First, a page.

I have a question to add onto this thread...its sort of a hijack but not really... think of it as an add-on to Scott's question.

When wet sanding the piece do you mean the actual paint coat or the primer?  If you mean the actual paint then how do you prevent it from just sanding away and scuffing the paint itself?  I've never understood this part of the process.  Also, when you say polish it, what exactly do you mean?  Something like Novus polish or do you mean something like Turtle Wax or floor polish?

I had a stormtrooper helmet that I got... it was a badly painted AP bucket.  I ended up having to sand it down and repaint the entire bucket.  I couldn't keep the nice shiney plastic that the AP has.  I used that Krylon gloss white for plastics but it just never quite looks right.  Its not all that shiny.

Please help.
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You should wetsand after every paint layer, starting with the primer. The smoother the base, the smoother the final finish. The sand paper used for wet sanding is such a fine grit, you'd really have to be doing something wrong in order to get down to the next paint level.

If it isn't possible to sand the piece under running water (which is the highly reccomended way to do it. I'll explain more in a bit), then keep two large bucket of water nearby. One bucket to wash off your sand paper in, and the other to pour on to the piece your sanding (or dunk the piece in if it's small enough)

Now here's why. The running water will do the following: keep paint from building up on the paper, wash the sanded off paint (which can act as a micro abbrasive) from the piece and act as a lubricant to keep the friction of the sand paper from creating a burn in the piece. Sand lightly and frequently.

After you wetsand a piece and allow it to dry, go over it with a swirl remover compund like Novus plastic polish. Then spray your next layer of paint and do the whole thing over again. When you've put down enough layers of paint to make you happy and have done all your final sanding and polishing, put down your layers of clear coat.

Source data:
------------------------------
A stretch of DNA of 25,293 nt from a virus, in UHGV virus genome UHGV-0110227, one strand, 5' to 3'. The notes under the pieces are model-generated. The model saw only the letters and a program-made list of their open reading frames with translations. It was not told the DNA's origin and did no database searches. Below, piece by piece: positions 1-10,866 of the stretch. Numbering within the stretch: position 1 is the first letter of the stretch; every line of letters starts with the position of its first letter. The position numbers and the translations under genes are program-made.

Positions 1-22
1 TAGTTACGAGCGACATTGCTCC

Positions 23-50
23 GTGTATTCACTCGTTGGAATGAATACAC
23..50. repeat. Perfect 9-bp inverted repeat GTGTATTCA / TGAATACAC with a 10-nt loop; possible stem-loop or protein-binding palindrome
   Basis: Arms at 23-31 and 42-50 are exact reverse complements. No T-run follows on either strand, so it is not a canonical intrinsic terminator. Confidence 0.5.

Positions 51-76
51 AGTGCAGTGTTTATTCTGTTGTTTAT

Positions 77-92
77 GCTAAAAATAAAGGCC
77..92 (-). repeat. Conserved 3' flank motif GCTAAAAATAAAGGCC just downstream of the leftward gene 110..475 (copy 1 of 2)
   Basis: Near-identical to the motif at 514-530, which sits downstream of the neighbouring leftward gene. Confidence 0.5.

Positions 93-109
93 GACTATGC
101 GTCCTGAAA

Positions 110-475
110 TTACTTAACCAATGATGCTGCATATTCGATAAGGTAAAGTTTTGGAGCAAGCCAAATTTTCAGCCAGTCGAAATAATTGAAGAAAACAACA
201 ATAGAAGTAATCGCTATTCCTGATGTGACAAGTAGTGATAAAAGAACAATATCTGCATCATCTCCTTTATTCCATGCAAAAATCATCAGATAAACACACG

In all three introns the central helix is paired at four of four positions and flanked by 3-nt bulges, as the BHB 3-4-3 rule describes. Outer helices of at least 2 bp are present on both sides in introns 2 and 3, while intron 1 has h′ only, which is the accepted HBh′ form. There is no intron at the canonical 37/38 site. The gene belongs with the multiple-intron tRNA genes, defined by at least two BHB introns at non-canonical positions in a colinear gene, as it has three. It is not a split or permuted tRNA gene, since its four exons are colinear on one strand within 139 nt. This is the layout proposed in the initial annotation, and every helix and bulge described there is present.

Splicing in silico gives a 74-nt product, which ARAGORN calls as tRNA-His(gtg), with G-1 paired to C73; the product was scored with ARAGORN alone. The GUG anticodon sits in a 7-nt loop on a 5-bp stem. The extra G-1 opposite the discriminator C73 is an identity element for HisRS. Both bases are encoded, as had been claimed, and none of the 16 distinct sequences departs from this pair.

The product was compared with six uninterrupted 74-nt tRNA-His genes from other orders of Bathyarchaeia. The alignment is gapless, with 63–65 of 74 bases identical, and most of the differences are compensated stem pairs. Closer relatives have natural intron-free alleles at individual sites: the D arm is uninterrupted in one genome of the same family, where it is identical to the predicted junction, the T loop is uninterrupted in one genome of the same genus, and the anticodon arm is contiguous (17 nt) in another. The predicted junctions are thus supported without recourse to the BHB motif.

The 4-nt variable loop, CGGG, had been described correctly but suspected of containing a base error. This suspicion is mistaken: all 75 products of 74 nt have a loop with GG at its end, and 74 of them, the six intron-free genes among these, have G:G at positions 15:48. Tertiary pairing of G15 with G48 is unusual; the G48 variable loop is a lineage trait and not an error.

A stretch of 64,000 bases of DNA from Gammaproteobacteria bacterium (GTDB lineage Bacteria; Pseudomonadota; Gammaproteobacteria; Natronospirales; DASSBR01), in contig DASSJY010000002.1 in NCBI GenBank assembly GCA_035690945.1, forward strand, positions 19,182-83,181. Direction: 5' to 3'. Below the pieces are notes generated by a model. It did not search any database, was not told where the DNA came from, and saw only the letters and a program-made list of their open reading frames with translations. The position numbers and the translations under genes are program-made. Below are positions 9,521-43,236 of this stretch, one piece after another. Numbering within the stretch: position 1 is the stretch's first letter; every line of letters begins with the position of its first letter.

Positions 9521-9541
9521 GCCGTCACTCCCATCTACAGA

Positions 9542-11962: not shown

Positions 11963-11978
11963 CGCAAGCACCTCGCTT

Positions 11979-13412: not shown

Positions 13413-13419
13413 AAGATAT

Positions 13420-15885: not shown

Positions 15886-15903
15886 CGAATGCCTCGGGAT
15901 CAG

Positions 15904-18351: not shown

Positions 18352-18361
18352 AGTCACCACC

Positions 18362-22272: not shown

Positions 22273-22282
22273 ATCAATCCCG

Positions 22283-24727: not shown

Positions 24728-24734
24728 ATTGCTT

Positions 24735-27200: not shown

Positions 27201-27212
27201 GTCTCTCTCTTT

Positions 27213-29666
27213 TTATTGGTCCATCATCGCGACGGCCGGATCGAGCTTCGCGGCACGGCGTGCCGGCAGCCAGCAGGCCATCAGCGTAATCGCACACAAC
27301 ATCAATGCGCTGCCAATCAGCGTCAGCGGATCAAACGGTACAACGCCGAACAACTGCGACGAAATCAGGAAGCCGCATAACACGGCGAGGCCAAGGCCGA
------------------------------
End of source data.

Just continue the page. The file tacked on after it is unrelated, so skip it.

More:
If done correctly, the finish will look like glass.

-Fred
 

imaginager

Sr Member
RPF PREMIUM MEMBER
I also highly recommend wet sanding. If you've never done it before, Gigatron's instructions are excellent and a well worthwhile step. In my opinion, you will never approach the smooth finish of wet sanding with just paint alone. I had never done this before about 2 years ago and the first time I tried it I was amazed at the difference. Also, it sounds a lot harder and more time-consuming than it actually is.

Nice instructions, Gigatron. :thumbsup

Allan
 

pnerves

New Member
Building a paint booth is easy peasy- just use 1x2 to build a box- any size you want. Cover it with plastic sheeting- meantioned above. Buy yourself a cheap fan, and a couple of air filters (the big flat ones for your house.) Cut a couple of holes in the plastic- tape a filter in one hole, and put the fan- blowing out- in another (on opposite sides of the box). I also got some cheapo clamp lights with high watt bulbs for light and heat in mine. If you want to get really creative, you can build your wood box with hinges, and the whole thing can be stored. I've painted 2 scooters in mine with great results.
 

Jimbo890

Well-Known Member
Building your own spraybooth is pretty easy, but be carefull. Much of the fumes paint reducers and thinners give off are highly combustible, and the spark from an electirc motor running your vent fan could cause an explosion. Do a google search for 'build a small spray booth' and you will see some of the dangers. Also, if just a filter is being used, then you need to wear a respirator, as the fumes will pass through the filter and get you.

The booth, at least the ones you buy, are basic boxes with a lid, some sort of light, and a fan to draw air down through a filter. The filters are special in the sense, they not only get the dust particles, but also eliminate the fumes, even if you are venting outside.

Be careful.
 

Darth Kahnt

Sr Member
How much do these spray booths typically cost to buy? How much to make one on your own? Where would I be able to get one?
 

DL 44 Blaster

Sr Member
Originally posted by RedTwoX@Jan 17 2006, 12:06 PM
I think you are making this way harder than it needs to be.  Just paint it.  Then wet sand and polish any imperfections that turn up.  Trying to make an effective, dust-free environment is going to take a lot more time and effort than wet sanding and polishing will.
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Couldn't agree more.